Ruby Lindsey Black
Molding the Clay
I remember the smell of alcohol, the antiseptic that goes with another vaccine. Yes, the public health nurse had arrived to give the required vaccinations. She wore the navy blue uniform and carried the black public health bag that represented professionalism. During the visit the nurse completed each child’s assessment and taught my mother about good health care. Today’s lesson is on proper nutrition. The nurse’s teaching on nutrition included what foods to eat for growing children, especially the number of fruit and vegetables. Living on a farm we always had fresh fruits and vegetables. During the winter months we take what we need from the freezer or pantry. Canning and freezing were daily activities during harvesting season for this family. As I remember, good nutrition was not a problem. We were never sick and no one was hospitalized. Therefore, we did not need a doctor; the public health nurse was our source of health care.
Many years later I realized the impact the public health nurse had on me during my childhood. At that time she was just another welcomed visitor. Little did I know she had created the foundation for my professional development. Growing-up seemed a slow process; however, graduation from high school came quickly. The college application for admissions required the selection of a major. Nursing was my first choice. After all who wants to be a teacher? I entered the historical school of nursing at Tuskegee Institute that fall. On the first day of classes all first-year students gathered in the auditorium to meet the dean, Dr. Lillian Harvey. As she entered and approached the front of the room, the chatter softened and stopped just before she spoke. After the welcome, she asked who or what influenced us to become nurses. As I pondered this question, I thought of Mrs. Hill, the public health nurse, her visits and teaching.
While reflecting on Mrs. Hill, I realized there are several nurses in my family. An aunt had moved to Ohio during my childhood, became a registered nurse and works with Brentwood Hospital. Cousin Brandee works at University Hospital and Cousin Deborah with Cincinnati General Hospital. Another relative works in material management and another in systems management with the Cleveland Clinic Hospital Foundation. My sister works as a pharmacy technician with the same hospital system. I often tease her about the 360 degree career change since her BS degree is in child development.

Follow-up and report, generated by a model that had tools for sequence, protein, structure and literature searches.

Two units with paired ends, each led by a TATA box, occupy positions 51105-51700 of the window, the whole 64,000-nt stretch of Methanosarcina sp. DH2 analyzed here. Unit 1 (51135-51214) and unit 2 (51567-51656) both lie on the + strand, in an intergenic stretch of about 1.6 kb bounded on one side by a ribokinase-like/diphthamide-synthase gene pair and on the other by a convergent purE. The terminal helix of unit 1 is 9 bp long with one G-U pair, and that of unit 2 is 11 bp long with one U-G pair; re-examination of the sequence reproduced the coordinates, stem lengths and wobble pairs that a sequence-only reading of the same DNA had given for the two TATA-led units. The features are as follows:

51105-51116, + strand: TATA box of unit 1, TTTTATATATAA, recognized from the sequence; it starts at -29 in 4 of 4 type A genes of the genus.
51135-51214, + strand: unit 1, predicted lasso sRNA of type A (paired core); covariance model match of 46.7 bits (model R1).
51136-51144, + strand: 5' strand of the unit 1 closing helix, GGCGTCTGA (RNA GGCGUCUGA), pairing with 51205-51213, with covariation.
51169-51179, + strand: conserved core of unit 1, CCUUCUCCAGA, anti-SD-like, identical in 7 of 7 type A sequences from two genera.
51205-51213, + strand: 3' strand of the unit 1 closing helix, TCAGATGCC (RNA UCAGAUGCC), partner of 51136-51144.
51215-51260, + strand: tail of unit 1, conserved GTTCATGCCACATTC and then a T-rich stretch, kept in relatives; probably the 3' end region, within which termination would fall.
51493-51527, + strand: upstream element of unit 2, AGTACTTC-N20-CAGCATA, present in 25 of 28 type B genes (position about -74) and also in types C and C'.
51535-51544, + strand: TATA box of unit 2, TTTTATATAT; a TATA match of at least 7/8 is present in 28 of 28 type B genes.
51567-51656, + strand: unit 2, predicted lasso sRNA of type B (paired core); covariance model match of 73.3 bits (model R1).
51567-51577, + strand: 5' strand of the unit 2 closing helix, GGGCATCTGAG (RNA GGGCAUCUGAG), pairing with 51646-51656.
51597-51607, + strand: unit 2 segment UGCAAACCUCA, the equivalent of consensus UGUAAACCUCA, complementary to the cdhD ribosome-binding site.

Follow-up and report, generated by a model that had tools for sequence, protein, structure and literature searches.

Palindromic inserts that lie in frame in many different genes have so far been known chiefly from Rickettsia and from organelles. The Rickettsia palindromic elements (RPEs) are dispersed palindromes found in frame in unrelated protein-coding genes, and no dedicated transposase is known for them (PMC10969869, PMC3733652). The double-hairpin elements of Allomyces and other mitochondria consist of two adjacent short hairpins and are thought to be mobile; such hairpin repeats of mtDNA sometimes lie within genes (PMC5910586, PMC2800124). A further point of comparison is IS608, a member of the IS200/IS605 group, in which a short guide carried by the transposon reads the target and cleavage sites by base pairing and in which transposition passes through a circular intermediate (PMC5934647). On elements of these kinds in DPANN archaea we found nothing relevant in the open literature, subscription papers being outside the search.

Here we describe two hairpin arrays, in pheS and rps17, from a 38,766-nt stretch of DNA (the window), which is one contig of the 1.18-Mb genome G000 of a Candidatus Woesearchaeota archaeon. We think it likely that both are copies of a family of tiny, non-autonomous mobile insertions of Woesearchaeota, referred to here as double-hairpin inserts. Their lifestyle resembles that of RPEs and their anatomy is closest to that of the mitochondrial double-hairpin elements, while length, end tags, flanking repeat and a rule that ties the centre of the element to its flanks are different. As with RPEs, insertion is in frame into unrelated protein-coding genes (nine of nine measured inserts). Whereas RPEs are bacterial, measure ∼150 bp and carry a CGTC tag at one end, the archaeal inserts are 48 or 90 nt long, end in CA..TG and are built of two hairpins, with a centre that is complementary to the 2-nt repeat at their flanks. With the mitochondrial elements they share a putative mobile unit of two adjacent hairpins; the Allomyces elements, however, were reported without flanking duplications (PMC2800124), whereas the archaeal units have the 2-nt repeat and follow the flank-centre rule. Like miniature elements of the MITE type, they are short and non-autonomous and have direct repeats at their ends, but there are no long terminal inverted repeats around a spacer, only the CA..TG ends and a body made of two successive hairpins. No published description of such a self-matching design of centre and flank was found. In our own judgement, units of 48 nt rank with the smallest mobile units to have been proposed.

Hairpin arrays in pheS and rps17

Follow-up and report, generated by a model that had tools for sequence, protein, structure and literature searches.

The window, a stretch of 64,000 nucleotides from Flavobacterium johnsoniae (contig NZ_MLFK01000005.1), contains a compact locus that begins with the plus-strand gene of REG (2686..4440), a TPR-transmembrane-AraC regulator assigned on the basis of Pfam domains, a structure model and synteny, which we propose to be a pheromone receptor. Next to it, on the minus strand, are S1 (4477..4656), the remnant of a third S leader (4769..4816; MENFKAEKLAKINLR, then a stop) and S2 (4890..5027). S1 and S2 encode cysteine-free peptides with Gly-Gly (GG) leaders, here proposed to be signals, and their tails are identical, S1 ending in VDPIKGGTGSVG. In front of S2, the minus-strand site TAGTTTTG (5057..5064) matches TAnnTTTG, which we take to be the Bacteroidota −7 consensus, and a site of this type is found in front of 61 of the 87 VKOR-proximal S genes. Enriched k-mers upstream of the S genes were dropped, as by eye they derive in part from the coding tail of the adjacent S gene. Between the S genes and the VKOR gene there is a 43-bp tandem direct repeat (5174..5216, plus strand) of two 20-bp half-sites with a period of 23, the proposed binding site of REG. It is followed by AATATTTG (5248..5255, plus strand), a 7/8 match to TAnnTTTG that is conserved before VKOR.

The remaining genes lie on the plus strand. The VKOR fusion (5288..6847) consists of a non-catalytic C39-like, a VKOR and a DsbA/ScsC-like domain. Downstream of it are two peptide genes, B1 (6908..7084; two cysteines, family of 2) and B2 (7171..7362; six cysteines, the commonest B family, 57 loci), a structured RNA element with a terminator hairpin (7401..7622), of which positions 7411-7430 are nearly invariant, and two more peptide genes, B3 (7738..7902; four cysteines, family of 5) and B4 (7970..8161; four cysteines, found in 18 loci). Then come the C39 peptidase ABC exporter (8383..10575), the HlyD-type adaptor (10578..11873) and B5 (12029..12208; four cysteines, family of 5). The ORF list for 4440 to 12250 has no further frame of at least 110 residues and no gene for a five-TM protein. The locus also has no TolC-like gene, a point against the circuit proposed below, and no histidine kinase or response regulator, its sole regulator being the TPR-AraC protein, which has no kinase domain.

I felt I could not go on during my last year in nursing school. The course work was too demanding. After all, who ever heard of medical-surgical nursing? Mrs. Charlie Dixon, nursing instructor, changed my life by believing in me during this very difficult time. A few encouraging words kept me focused and enabled me to earn the BSN degree.
I worked at Mason County hospital a few hours each week to earn a little spending money while attending nursing school. It also helped me to apply what I learned in class. The nurse anesthetist, Ms. Bartolo encouraged me to become a nurse anesthetist. However, one day as I arrived for work, Ms. Bartolo had lost a patient in surgery. She was heartbroken. I knew that I did not want to be a surgical nurse or nurse anesthetist after seeing the depth of her grief.
Many years later, I met Dr. Beverly Malone, former president of the American Nurses Association and current CEO of the National League of Nursing at our annual state convention. As keynote speaker, this petit lady with a forceful voice caught my attention. Her insight and charisma drew me to her. I wanted to hear more. After networking with her over practice issues, she encouraged me to run for an office with our state association. Her support inspired me to remain active with my professional nursing organizations.
Upon returning home and reflecting on the conversation with Dr. Malone, I decided to research her background. She is from the hills of Kentucky and developed a love for nursing from her grandmother. Dr. Malone, in her writings, recalls walking with her grandmother, a root doctor, through the woods choosing and picking herbs to make medicines. She learned from her grandmother, without the conscious awareness of the molding of her career path.
Today as I practice nursing in the hospital or clinic, when I smell alcohol or teach my patients about proper nutrition, I think of Mrs. Hill, the public health nurse. The uniforms are different from years ago, but the memories are the same. Like Dr. Malone and many others, I was inspired to become a nurse by those who walked with me.
Who We Are
Read samples of writing from past faculty participant's seminars.